Film Review: “Learning to Drive” — Down the Formulaic Highway

This modest film manages to hold the viewer’s attention, not to mention his or her compassion, throughout.

Learning to Drive Directed by Isabel Coixet. On Screens around New England.

Darwan (Ben Kingsley) and Patricia Clarkson (Wendy) improbably bond in "Learning to Drive."(Photo: Linda Kallerus, Broad Green Pictures)

Darwan (Ben Kingsley) and (Patricia Clarkson) Wendy in “Learning to Drive.” Photo: Linda Kallerus, Broad Green Pictures.

By Paul Dervis

This film is precious…a little too precious.

And Ben Kingsley never seems to age. When he was thirty-nine, he seemed to be in his fifties. Now that he is seventy-one, he still seems to be in his fifties. Does he have a painting of himself in the attic, aging, or what?

Just thinking.

My Arts Fuse colleague, Gerald Peary, mentioned this film in a review from his coverage at the 2015 Montreal World Film Festival earlier this month. Suggesting this was a “safe” movie in comparison to a Peter Greenaway piece that I favourably reviewed in July, Peary was correct. Nothing about this film will offend…or make us think too much.

It is, however, refreshing to see a vehicle starring an actress deep in middle age, with little make-up to beautify her.

Patricia Clarkson plays Wendy, a successful literary critic married to a failed academic. Her husband, Ted (Jake Weber), gets an adulterous itch every few years or so, but has always returned to his powerbroker wife…but not this time. He has wooed a writer who is younger and a couple of rungs up from Wendy in Manhattan’s ‘Cafe society.’

Wendy waits for his return while Ted files papers. It takes a no nonsense talk with her college bound daughter (Grace Gummer, Meryl Streep’s real life child) to convince her that this time it’s forever. Wendy is in shock.

Darwan is a cab driver who moonlights as a Drivers Ed teacher. He lives in a cramped basement in Queens where he puts up several illegals from his homeland, India. He is a devout Sikh, single, and is going through with an arraigned marriage with a woman he hasn’t met from his home town. On top of that, he is routinely harassed by both INS and racist Americans. Still, Darwan is a man at peace with himself, maintaining an attitude of Zen-driven calm against those who attempt to intimidate him.

Wendy, like so many lifelong urban dwellers, cannot drive. That now means she cannot easily visit her daughter at her toney New England college. Wendy hires Darwan to teach her, and she learns way more than the skills of the road from him.

And that is about it. There are no plot twists; the narrative is content to be a comfortable character study. Both leads are handed appealing characters who have only minor blemishes. Both are given eye-opening glimpses of how very different people live, and both grow predictably. Empathy is on automatic. But that is not to say the actors do not succeed in mastering their roles…they put these nice characters across well.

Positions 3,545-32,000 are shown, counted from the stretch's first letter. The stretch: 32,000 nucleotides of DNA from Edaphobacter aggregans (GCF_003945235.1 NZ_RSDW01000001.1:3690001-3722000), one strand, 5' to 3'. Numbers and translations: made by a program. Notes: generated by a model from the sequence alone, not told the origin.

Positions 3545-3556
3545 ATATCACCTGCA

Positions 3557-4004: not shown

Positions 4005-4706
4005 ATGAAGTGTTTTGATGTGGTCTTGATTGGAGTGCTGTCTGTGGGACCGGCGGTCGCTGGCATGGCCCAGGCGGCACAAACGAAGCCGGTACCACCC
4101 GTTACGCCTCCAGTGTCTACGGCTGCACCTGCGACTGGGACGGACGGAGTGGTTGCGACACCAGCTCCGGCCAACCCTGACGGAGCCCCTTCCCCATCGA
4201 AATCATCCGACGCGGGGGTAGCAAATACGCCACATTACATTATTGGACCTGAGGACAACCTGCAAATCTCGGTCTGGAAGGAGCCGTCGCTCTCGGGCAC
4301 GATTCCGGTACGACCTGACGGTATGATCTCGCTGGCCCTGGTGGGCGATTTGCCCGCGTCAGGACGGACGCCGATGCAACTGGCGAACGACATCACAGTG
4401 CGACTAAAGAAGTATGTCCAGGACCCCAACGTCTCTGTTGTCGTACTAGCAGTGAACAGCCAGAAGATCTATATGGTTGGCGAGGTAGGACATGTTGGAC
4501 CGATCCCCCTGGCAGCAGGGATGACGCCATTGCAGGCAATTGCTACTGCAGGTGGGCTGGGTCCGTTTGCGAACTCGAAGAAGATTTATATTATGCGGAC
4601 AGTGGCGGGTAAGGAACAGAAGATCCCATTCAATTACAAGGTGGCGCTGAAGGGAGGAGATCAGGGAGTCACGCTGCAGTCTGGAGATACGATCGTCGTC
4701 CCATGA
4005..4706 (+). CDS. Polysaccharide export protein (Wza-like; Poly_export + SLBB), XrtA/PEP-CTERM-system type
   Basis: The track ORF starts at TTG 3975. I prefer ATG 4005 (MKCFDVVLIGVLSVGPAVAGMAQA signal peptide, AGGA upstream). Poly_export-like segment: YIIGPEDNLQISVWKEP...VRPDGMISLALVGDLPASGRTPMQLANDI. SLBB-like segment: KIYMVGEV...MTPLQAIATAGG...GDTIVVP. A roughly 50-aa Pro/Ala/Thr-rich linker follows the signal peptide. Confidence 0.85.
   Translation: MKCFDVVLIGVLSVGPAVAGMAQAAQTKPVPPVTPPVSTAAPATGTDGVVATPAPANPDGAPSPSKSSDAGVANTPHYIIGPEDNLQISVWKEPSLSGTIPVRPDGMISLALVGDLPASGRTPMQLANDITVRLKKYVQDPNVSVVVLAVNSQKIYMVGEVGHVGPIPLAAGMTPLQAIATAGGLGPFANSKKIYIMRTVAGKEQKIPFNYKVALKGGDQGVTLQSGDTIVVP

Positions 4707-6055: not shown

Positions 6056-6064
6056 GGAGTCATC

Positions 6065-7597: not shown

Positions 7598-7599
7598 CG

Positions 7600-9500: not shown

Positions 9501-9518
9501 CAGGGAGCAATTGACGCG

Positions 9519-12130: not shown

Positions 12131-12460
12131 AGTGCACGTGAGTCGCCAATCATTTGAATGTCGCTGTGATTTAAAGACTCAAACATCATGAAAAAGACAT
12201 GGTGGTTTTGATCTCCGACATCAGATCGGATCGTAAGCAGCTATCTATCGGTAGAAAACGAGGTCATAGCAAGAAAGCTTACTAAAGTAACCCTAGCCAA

Clarkson, who is as much a stage actor (Yale Drama grad, House of Blue Leaves, Eastern Standard) as a film star (Shutter Island, Good Night, and Good Luck), creates a subtly nuanced portrait of Wendy. She plays her as a woman who defensively clings to her intellectual side; she is constantly battling her passions, unable to figure out what to do with them. In one scene, when Ted is clearing out the house of his possessions; she comes in, dressed in a power suit, and attempts to seduce him with a lap dance. The gesture is both funny and pathetic at the same time. Her sense of emotional desperation is tangible.

Kingsley’s Darwan is a man whose soul is positively dripping with positive karma. But this optimism doesn’t make him invulnerable. He struggles with a new bride whom he has little in common with, all the while becoming more and more romantically drawn to Wendy. Kingsley’s Darwan is understated, but he shows us that he is aware of the complexities of his world.

Written by Sarah Kernochan (9 1/2 Weeks, Sommersby) and directed by Isabel Coixet (My Life Without Me) this modest film manages to hold the viewer’s attention, not to mention his or her compassion, throughout.

If only Learning to Drive could have been a bit more unpredictable.

Paul Dervis has been teaching drama in Canada at Algonquin College as well as the theatre conservatory Ottawa School of Speech & Drama for the past 15 years. Previously he ran theatre companies in Boston, New York, and Montreal. He has directed over 150 stage productions, receiving two dozen awards for his work. Paul has also directed six films, the most recent being 2011’s The Righteous Tithe.

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